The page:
EMDRIA Consultant and member of EMDRIA’s Membership Committee and volunteer EMDRHAP Trainer. As a former Commissioner for the Persons with Disabilities Commission in Hamden, Kathy explored the applications of EMDR to disability-related trauma, whether arising from the original injury, diagnosis and treatment, or discrimination. When asked what she would like to say to the EMDR community, this was Kathy’s response:
“I consider myself an average clinician who had the good luck to encounter EMDR. Since then, my burning desire has been to get the word out about this amazing psychotherapy. Not only has it helped me personally, but, professionally, it enabled me to continue to work in an area that I consider most important (trauma) without the burn-out, so often the result of long work with traumatized clients. I have tried to take advantage of every opportunity to pursue this goal and have tried to tackle personal issues that stand in the way. The rewards have been great. All you reluctant clinicians out there: Get cracking. Do that research, that speaking engagement, those opportunities that are only yours to do. You will be glad you did.”
Kathy spoke from real experience as she originally had debilitating performance anxiety. She processed her anxiety over public speaking with EMDR and then lectured about EMDR and became an EMDRHAP trainer, speaking to large groups. EMDR had been crucial to Kathy’s personal growth in other ways as well, such as returning to New Orleans after Hurricane Katrina with Hurricane Betsy whistling through her mind, as she remembered this earlier traumatic experience. Working productively to help the survivors of Hurricane Katrina and her personal EMDR work were crucial to the transformation of this old experience and dealing with the new one.
Over the next 4 years, as an EMDRHAP Trainer, Kathy was involved in “getting the word out” about EMDR to as many practitioners as she could – especially if they were in agencies that supported children. Her goal was to expand the use of EMDR in non-profit and public clinics. Over her professional life, Kathy gained a deep wisdom that those around her acknowledged. Colleagues spoke to her about their clients, about challenges in teaching and, for help with writing about mental health issues. She took time to help those around her to grow and tackle what was difficult. Her most recent project was putting together the “Stabilization and Trauma” workshop, originally for clinicians and then for non-clinicians. She thought it was essential for people to understand the nature of trauma and what could be done about it. She had an easy-going way of presenting that won people over and made the material she was teaching accessible. She illustrated her workshops with many personal anecdotes of successes and failures, resulting in material that people found they could incorporate into their work.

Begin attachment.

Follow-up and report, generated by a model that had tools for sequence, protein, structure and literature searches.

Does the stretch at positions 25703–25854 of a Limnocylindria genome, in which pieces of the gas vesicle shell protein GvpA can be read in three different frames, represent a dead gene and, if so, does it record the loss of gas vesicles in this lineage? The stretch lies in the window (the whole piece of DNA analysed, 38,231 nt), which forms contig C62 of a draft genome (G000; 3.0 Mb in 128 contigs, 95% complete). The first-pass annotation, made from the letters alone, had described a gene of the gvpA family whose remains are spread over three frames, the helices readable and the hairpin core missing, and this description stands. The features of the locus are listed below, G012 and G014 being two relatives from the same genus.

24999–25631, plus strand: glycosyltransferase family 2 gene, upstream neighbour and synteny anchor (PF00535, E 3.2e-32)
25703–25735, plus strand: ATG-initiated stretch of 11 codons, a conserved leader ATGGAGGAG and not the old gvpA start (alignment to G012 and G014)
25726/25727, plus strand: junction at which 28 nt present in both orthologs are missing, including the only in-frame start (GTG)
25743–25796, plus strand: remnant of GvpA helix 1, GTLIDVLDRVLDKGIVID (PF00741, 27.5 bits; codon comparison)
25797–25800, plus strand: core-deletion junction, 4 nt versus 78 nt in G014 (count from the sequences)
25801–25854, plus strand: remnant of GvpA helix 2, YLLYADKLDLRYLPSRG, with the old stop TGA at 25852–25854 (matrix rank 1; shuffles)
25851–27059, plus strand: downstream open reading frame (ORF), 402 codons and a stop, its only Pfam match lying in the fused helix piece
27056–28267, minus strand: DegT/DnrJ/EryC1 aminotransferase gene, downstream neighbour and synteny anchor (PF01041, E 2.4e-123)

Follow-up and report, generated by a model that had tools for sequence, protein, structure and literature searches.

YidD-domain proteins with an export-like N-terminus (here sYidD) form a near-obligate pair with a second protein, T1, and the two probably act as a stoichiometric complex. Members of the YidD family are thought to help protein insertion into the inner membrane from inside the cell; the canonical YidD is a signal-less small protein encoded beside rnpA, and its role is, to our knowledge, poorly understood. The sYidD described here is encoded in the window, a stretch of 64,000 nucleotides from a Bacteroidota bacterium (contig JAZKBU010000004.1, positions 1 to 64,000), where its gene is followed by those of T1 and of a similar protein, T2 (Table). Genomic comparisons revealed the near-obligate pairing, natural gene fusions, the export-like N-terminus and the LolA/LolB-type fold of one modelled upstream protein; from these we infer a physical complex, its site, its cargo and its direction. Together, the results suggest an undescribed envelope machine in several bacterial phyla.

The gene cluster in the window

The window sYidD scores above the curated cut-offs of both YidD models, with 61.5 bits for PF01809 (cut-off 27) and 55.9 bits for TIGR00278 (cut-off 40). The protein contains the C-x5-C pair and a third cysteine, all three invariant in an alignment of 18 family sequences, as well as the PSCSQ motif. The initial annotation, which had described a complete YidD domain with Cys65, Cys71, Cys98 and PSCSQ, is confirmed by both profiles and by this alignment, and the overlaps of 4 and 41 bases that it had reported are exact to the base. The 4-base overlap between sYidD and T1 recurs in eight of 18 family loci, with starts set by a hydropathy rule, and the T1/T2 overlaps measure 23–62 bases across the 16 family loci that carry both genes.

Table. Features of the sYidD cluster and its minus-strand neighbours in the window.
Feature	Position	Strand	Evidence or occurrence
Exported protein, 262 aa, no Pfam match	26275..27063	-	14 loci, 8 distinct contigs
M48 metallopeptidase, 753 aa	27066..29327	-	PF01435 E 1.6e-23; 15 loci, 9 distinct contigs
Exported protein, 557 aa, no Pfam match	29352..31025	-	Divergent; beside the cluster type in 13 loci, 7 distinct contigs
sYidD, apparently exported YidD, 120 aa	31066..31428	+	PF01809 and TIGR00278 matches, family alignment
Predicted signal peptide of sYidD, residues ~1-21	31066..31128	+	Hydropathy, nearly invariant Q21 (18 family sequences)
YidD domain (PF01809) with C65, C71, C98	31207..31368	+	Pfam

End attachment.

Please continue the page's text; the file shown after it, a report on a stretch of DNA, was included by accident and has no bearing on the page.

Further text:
In recognition of her efforts, in 2010, she received the “Social Worker of the Year” Award from the Connecticut Association of Social Workers. In 2011, she received the “Elizabeth Snyker Outstanding Voluntary Service” Award from EMDRHAP.
Kathy and Bob were avid birders and enjoyed the outdoor sports of biking, camping and hiking. She enjoyed reading and was a print-maker, creating mono-prints and etchings in an impressionistic style Kathy is survived by her husband, Robert Gelbach; her children, Scott, Rebecca, Jonah and Amy; her sister, Deborah; her brother, Pryor; and grandson, Henry.
Memories of Kathy
Robbie Dunton (EMDR Institute Coordinator)
“I remember meeting Kathy Davis and Leslie Weiss at the Level 1 training in DC in the spring of 1993, and thinking, ‘These women are so positive, intelligent and high energy.’ At the time, little did I know that both women would make extraordinary contributions to the EMDR community. When I next met them, the following summer, they were highly enthusiastic about EMDR and the therapeutic results they had with their clients. I gave a short presentation on,” Using EMDR with Children” to a group of participants, Kathy being among them. She, too, had used EMDR with children and the group was impressed with her astute and discerning comments. Although we lived on opposite coasts, Kathy and I kept in touch to share our common interest in working with children and adolescents; Kathy was always available and willing to share her vast experience and knowledge of treating young clients and insights as an educator. Many of you know Kathy from her excellent advanced specialty workshops highlighting the use of EMDR with children that she presented at EMDR Institute Part 2 trainings and EMDRIA conferences. Not many people know that Kathy served on the EMDR Institute Manual Revision Committee, volunteering countless hours to review and make modifications to both manuals. Kathy was a mentor whose wisdom and guidance were an invaluable resource for me. I will always cherish the memory of her beautiful smile and cheerful attitude, creativity and intelligence, sincerity and integrity.”